More secret 'black jails' exposed in the capital

PUBLISHED : Friday, 05 August, 2011, 12:00am
UPDATED : Friday, 05 August, 2011, 12:00am


More secret prisons locking up petitioners in Beijing have been exposed by mainland media, after several similar facilities were revealed to the public in the past couple of years.

Many petitioners who claimed to have been imprisoned recently in two such 'black jails' in Beiqijia town in Beijing's Changping district suspected that they had been tracked by local authorities from their hometowns, who co-operated with those running the jails, Beijing News reported yesterday.

From July 1 to July 12, at least 50 people who came to Beijing from various provinces to seek justice had been held in a courtyard house in Nanqijiazhuang village in the town, the report said, citing people who said they were among the detained. It said police busted the prison on July 12 after receiving a tip-off, freeing 13 people confined there that day.

More than 20 other people were held in a nearby village called Lingshang in March, according to Chen Hongxian , a retired worker from Funing county, Jiangsu province, who came to petition on March 8 against alleged corruption in the county government, but ended up being locked there for three days.

Chen told the South China Morning Post that their mobile phones and identity cards were taken away by guards when they were detained, so they couldn't contact anyone.

Mainlanders who don't trust lower-level petition offices often take their complaints to higher authorities in Beijing, but many local governments consider such complaints an embarrassment, and it is almost an open secret that they purge these people from the capital by using mental or physical torture.

Xu Zhiyong, a legal expert who, along with other activists, first exposed such jails in Beijing in 2008, said the central government's neglect of the issue has made the existence of such jails possible.

'I don't think they could still exist today if the central authorities decided to clamp down on them,' he said. 'Many problems that people petition about stem from the country's political system. They will continue popping up as long as there's no political reform.'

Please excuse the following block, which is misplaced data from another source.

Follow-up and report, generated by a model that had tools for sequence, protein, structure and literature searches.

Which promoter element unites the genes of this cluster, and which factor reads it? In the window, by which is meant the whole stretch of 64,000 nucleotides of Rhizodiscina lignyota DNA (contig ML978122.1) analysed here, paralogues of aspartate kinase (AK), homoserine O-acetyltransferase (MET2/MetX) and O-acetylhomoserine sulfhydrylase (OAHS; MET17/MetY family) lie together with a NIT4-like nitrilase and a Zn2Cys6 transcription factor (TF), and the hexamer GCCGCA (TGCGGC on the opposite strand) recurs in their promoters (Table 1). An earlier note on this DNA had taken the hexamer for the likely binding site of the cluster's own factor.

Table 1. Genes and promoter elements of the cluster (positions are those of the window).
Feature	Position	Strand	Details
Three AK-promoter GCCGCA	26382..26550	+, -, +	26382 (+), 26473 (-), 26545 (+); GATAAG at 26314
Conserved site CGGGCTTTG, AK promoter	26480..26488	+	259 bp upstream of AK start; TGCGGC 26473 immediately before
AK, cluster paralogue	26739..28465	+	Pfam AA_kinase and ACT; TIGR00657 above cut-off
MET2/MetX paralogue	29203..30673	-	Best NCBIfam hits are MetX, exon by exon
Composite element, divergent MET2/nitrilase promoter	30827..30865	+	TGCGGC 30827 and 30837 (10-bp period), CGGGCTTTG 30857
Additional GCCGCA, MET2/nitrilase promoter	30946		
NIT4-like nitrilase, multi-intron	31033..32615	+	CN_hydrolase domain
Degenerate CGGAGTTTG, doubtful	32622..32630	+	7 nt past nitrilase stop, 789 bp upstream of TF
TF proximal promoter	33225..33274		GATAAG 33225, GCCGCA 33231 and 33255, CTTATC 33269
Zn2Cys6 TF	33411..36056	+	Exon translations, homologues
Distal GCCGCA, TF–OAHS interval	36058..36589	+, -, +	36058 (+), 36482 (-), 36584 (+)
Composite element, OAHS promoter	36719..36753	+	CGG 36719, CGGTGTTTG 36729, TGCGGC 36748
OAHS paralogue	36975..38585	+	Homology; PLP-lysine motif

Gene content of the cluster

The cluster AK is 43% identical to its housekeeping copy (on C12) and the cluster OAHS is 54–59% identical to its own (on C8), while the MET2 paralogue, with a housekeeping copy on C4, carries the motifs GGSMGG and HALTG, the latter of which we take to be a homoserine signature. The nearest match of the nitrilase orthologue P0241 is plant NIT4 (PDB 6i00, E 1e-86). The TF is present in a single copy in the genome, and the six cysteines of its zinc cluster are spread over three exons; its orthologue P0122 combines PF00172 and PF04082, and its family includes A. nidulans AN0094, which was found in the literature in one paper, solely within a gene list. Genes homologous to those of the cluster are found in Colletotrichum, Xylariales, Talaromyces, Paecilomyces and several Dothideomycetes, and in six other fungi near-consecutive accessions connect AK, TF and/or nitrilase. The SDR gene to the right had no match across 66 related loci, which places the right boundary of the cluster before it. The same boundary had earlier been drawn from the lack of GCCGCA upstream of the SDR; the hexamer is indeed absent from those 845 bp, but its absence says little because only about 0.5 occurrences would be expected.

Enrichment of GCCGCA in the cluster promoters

Sun Huaiyuan, who hails from Yancheng, Jiangsu, filed a petition at the reception centre for petitions in Fengtai district on June 30, and said he was immediately forced onto a minibus and taken to the black jail in Nanqijiazhuang village, Beijing News reported.

He was quoted as saying that the filing procedure went smoothly at the office in Fengtai district, and he even ran into a staff worker of the petition office from his hometown inside the hall. But when he left, several bald men with tattoos carried him to the vehicle.

Cellmates from provinces including Jiangsu, Hubei, Henan and Shaanxi said they had also seen or contacted their local petition office's staff in Beijing before they were taken to the prison.

They were jailed for between five and 40 days, Sun said.

Several of the released petitioners said they got their mobile phones and identity cards back from the petition offices back in their hometowns.

Chen said he even saw local officials give money to the thugs who took him to the prison, when they released him at the gate of a hotel in the capital.

'The 'hijackers' were handed 2,800 yuan (HK$3,394) before they let us out of the minibus,' he recalled. 'Then we were told to get into a [vehicle] from Funing,' he said.

Asked whether he would petition in the capital again, he said, 'not after having such an experience'.